Stylish, enigmatic regularfooter from Honolulu, Hawaii; world-ranked #4 in 1977, and a central figure throughout the first decade of shortboard surfing. Abellira was born (1950) and raised in Honolulu, the son of a middleweight boxer who was shot and killed in a barroom fight. Abellira began surfing at age four in Waikiki, but didn't get his first board until 11. He won the juniors division of the Makaha International in 1966 and 1967, and earned $200 for winning the 1966 Hawaiian Noseriding Contest, the state's first professional surfing event. Abellira was Hawaii's juniors division champion in 1968, and made his international debut later that year in the World Surfing Championships, held in Puerto Rico. Although he placed sixth, many observers thought the small-framed (5'7", 135 pounds) 18-year-old was the event's most exciting surfer, as he consistently rode just beneath the curl on a stiletto-like purple surfboard. "It was a skateboard," California surf publisher Dick Graham wrote, marveling at Abellira's radical new equipment, "and he rode it like a god, because he is one."

Abellira's style developed over the next three years. He rode in a low crouch, chin tucked into his left shoulder, arms extended, wrists cocked, each part of his body precisely arranged. Whether or not the streamlined stance added speed to Abellira's surfing is impossible to say, but nobody in the '70s-except for Australia's Terry Fitzgerald-looked faster on a surfboard. Abellira also proved to be one of the sport's most mysterious figures: he kept to himself for the most part, rarely smiled, and countered the scruffy surfer image with Italian-made leather loafers, pressed linen pants, and neatly coiffed hair. "He's a bit of a dandy," Australian surf journalist Phil Jarratt wrote of the dark-eyed Hawaiian, "and could teach most surfers a thing or two about color coordination."

Abellira competed regularly throughout the '70s, winning state titles in 1970 and 1972, placing fourth in the '70 World Championships, second in the 1973 Duke Kahanamoku Classic, and making the finals in more than a dozen professional events on the North Shore of Oahu. He was also an Expression Session invitee in 1970 and 1971. In what many still regard as surfing's most thrilling big-wave contest, Abellira beat fellow Hawaiian Jeff Hakman by a fraction of a point to win the 1974 Smirnoff Pro, held in cataclysmic 30-foot surf at Waimea Bay. Among the first Hawaiians to set out on the pro circuit, Abellira was world-ranked #4 in 1977, #8 in 1978, and #13 in 1979.

Abellira was also a first-rate surfboard shaper, learning the craft from board-making guru Dick Brewer in the late '60s and early '70s, then going on to work for the Lightning Bolt label; Abellira and Brewer together experimented with an early version of the tri-fin design in 1970 and 1971. Mark Richards of Australia later became an international surf hero while riding Abellira-shaped boards, and it was Abellira's stubby double-keeled "fish" that inspired Richards to produce in 1977 the twin-fin design that swept through the surf world in the late '70s and early '80s.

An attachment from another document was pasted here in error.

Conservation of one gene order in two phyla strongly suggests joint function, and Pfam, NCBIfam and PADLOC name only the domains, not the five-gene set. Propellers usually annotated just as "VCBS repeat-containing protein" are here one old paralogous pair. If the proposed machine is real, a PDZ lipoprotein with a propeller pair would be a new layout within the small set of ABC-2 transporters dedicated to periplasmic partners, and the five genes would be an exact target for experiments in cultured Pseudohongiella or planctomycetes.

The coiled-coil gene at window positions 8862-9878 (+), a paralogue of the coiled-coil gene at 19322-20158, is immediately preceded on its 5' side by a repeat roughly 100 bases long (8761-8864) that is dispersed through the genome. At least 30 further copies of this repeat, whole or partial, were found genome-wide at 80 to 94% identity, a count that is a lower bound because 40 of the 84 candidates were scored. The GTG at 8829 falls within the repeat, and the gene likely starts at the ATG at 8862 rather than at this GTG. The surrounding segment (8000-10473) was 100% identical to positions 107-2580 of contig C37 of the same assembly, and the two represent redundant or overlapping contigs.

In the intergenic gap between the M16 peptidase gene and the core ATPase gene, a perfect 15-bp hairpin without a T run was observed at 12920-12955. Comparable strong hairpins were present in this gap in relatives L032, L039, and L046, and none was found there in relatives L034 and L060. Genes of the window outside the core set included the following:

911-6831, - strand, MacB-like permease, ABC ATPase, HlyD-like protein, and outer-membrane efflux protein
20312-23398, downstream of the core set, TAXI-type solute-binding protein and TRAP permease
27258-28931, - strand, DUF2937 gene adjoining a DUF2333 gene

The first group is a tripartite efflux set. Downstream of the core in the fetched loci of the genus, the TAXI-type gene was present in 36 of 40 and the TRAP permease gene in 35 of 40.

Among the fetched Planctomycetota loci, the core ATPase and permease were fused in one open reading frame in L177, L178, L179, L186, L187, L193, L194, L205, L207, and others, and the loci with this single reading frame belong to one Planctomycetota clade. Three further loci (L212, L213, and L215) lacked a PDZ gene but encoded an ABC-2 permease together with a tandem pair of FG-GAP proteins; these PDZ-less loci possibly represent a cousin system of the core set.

While Abellira was for the most part removed from the surf scene beginning in the early '80s, he occasionally produced thoughtful and eloquent articles for the American surf press. He made headlines in 1993 when he disappeared for several months after being indicted on cocaine distribution charges; he was later convicted and spent several months in prison.

Abellira appeared in more than 15 surf movies, including Hot Generation (1968), Sea of Joy (1971), Going Surfin' (1973), and Tales of the Seven Seas (1981). In the late '70s, he lent his name to a short-lived surfwear company called Reno Hawaii. He competed in the 1990 Quiksilver in Memory of Eddie Aikau big-wave contest at Waimea Bay at age 40, finishing 24th in a field of 33. Abellira has been married once, and has one child; in 2002 he was living in Santa Monica, California.

Abubo, Megan:
Determined pro surfer from Haleiwa, Hawaii; world-ranked #2 in 2000. "Abubo looks soft but surfs hard," Surfer magazine said in 2000, noting that the Hawaiian regularfooter, then 22, was likely five or six years from her prime. Abubo was born (1978) in Connecticut, moved with her family to Hawaii, began surfing at age 10 in Waikiki, and won seven national titles as an amateur. She was the pro tour's rookie of the year in 1996, and in 2000 won two of nine world circuit events to finish runner-up to Australian Layne Beachley. Abubo had by that time developed a reputation as both friendly and feisty. "What man-made object best represents your personality?" Surfer asked her in 1998. "What a stupid question," she answered. Abudo faltered competitively after her second-place finish in 2000, placing 8th in 2001 and 9th in 2001. Abubo has been featured in a number of surf videos, including Triple C (1996) and Peaches (2000); she also stunt-doubled in the 2002 Universal film Blue Crush. Abubo posed in the nude (covering herself with a surfboard) for Rolling Stone's 2001 Sports Hall of Fame issue.
academia and surfing Although tens of thousands of recreational surfers have enrolled in colleges and universities over the decades, and coastal-area college surf teams and clubs have been around since the mid-1960s, surfing and the academy have had little effect on each other, and connections between the two are still for the most part regarded as novel, quirky, or gently amusing. Just a small number of well-known surfers have earned graduate degrees of one kind or another, the best known being a pair of California big-wave riders: Ricky Grigg (Ph.D., oceanography, Scripps Institution, 1970) and Peter Cole (M.S., informational sciences, University of Hawaii, 1971). The number of first-rate academics who also surf is proportionally small, and includes Kary Mullis, a San Diego longboarder and 1994 Nobel Prize winner in chemistry, and Donald Cram, another San Diego surfer, who earned his chemistry Nobel in 1987. (It is estimated, meanwhile, that between one-third and one-half of the world pro tour's top 44 surfers in any given season are high school dropouts.)